What is the role of compulsion in our home, in our unschooling?
I vacillate, I dither, on this topic.
On the one hand, I have certain expectations. Mass, prayers, we all pitch in and do chores, some Maths, Religion reading, Latin, other activities, writing, reading, and so on, as they come up. A positive attitude. No mean-ness.
On the other hand, I like the idea of interest driven learning, of learning what interests one ~ as I see that this learning sticks, I like the idea of making everything count - hence, our Michael Jackson CD is part of our table and educational strewing.
Because a freeman ought not to be a slave in the acquisition of knowledge of any kind. Bodily exercise, when compulsory, does no harm to the body; but knowledge which is acquired under compulsion obtains no hold on the mind.
This quote, from Plato, has a ring of truth. Anthony remembers far more of the ancient language Arkadian and of ancient history ( his current loves, learning acquired without compulsion) than he does from his weekly French class.
And yet, and yet, when I asked Anthony to do some work as a follow up to recent visits and outings ( to the Sydney Aquarium and the Sydney Museum), well, Anthony became interested while completing the work, especially interested in the original source material, and he shared his interest with me.
My compulsion of activity and of acqusition of knowledge in a schooly way did not preclude an interest in the topic and did not exclude any learning. If my asking him to do some research and writing, and his easy compliance in between reading and rpgs and computer games, can be called compulsion, that is.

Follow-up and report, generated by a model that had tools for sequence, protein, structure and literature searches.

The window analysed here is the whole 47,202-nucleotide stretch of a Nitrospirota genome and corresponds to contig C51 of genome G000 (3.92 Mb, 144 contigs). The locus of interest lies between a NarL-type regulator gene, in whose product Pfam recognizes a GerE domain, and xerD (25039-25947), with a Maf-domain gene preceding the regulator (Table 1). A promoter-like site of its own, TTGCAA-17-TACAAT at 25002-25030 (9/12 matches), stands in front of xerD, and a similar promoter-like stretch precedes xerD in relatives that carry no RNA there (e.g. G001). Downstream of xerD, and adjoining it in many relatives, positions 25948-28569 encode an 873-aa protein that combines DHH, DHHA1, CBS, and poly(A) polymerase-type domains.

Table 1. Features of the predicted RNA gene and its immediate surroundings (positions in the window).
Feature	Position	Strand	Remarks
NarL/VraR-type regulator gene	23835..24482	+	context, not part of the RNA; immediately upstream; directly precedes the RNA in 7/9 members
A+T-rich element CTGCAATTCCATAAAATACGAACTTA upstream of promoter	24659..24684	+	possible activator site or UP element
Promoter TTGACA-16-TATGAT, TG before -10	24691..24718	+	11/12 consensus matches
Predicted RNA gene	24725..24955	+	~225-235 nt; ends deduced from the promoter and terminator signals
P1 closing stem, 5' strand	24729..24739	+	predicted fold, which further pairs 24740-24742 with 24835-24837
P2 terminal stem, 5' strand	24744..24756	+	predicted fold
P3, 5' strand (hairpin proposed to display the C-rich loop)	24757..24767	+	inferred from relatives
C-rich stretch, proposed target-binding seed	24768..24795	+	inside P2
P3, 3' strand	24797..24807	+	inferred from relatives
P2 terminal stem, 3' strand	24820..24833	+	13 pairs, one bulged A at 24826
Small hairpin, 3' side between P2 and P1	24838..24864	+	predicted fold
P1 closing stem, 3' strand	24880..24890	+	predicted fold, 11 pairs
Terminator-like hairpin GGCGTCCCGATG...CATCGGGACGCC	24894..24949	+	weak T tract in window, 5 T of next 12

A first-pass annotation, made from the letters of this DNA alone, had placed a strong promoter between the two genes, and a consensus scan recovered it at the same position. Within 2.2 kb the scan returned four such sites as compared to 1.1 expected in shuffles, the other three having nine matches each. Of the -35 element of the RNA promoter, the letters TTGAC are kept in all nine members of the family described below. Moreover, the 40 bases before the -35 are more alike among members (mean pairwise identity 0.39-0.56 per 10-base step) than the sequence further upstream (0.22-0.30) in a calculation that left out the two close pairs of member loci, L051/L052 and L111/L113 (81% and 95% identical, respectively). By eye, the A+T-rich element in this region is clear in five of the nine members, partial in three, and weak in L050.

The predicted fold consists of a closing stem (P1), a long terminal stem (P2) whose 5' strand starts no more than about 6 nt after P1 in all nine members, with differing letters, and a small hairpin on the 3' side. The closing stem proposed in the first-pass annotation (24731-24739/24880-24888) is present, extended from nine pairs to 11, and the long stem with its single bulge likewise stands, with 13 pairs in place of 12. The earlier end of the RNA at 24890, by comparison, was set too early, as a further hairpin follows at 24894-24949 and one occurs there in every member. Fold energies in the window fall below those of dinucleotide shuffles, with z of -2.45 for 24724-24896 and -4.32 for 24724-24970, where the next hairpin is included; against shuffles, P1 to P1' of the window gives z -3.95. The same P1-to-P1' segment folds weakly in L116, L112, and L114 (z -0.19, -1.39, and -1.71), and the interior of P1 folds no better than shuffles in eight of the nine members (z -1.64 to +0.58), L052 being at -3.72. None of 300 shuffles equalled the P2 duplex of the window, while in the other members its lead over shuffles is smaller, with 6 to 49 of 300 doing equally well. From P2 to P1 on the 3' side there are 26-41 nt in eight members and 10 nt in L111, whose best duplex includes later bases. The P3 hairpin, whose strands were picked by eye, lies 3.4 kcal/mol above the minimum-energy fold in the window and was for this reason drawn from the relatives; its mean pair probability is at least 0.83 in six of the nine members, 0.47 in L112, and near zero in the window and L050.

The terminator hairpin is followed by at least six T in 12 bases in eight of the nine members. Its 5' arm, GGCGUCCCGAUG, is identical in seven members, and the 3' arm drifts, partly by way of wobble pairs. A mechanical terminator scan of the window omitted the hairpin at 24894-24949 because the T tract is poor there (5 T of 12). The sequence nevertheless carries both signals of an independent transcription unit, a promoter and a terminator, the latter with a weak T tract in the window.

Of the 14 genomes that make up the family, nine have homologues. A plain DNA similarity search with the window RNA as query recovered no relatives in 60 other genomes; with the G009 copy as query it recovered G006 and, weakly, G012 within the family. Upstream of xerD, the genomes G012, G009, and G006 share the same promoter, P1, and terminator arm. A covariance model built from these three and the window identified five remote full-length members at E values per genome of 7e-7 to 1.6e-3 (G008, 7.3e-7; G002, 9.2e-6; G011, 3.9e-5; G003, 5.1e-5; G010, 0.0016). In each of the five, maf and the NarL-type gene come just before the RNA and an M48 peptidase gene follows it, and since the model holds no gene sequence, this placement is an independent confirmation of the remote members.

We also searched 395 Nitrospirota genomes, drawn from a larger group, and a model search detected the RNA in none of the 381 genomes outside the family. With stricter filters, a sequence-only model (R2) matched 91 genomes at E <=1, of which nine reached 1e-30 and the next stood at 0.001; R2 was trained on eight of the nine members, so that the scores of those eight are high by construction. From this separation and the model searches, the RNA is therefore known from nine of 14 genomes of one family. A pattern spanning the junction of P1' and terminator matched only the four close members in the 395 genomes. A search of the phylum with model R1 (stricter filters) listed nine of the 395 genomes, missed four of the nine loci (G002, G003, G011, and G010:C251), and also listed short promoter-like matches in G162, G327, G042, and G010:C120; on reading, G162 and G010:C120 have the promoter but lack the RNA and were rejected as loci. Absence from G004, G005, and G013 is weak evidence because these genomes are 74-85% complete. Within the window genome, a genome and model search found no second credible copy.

Com*pul"sion\, n. [L. compulsio. See Compel.] The act of compelling, or the state of being compelled; the act of driving or urging by force or by physical or moral constraint; subjection to force.
I don't drive or urge by force or moral constraint...I usually ask and someone complies. If not, we talk. Or I give in. Or I say suck it up and do it anyway!
I push myself. I compel myself to do things, things that I feel are good but that my lazy nature doesn't want to do. Phone calls for work today. A workout I dread last Friday and Saturday.
Can my kids develop that same personal sense of compulsion? To do what is right, what should be done, even if it is hard or not what you want..for now. What is my role in this, in my vocation as a parent?
I continue to sometimes compel and sometimes be laissez-faire..and to dither on this whole topic.
Do not think I am sitting here to pass the time away telling you that religious life is poetry. It is the roughest kind of prose. - Justina Reilly, IHM Quote from the blog A Nun's Life
Sometimes, life is sheer poetry. Invigorating, rhythmic, free, full of awe, connected.
Sometimes life is prose. Or worse, plain unedited prose. Dry. No hooks. No superlatives. No haunting dreams or phrases.
How do I help my kids live through those times of uncompromising plain verse? With faith and prayer and the sacraments, for sure. By example, definitely. By loving and living the high moments, the sonnets.
And by preparation of will and self discipline... through the liturgical year, in times of penance.. through the sacrament of reconciliation... through the natural practice of virtues necessary in family life...and through the occasional compulsion, expectation, have-to?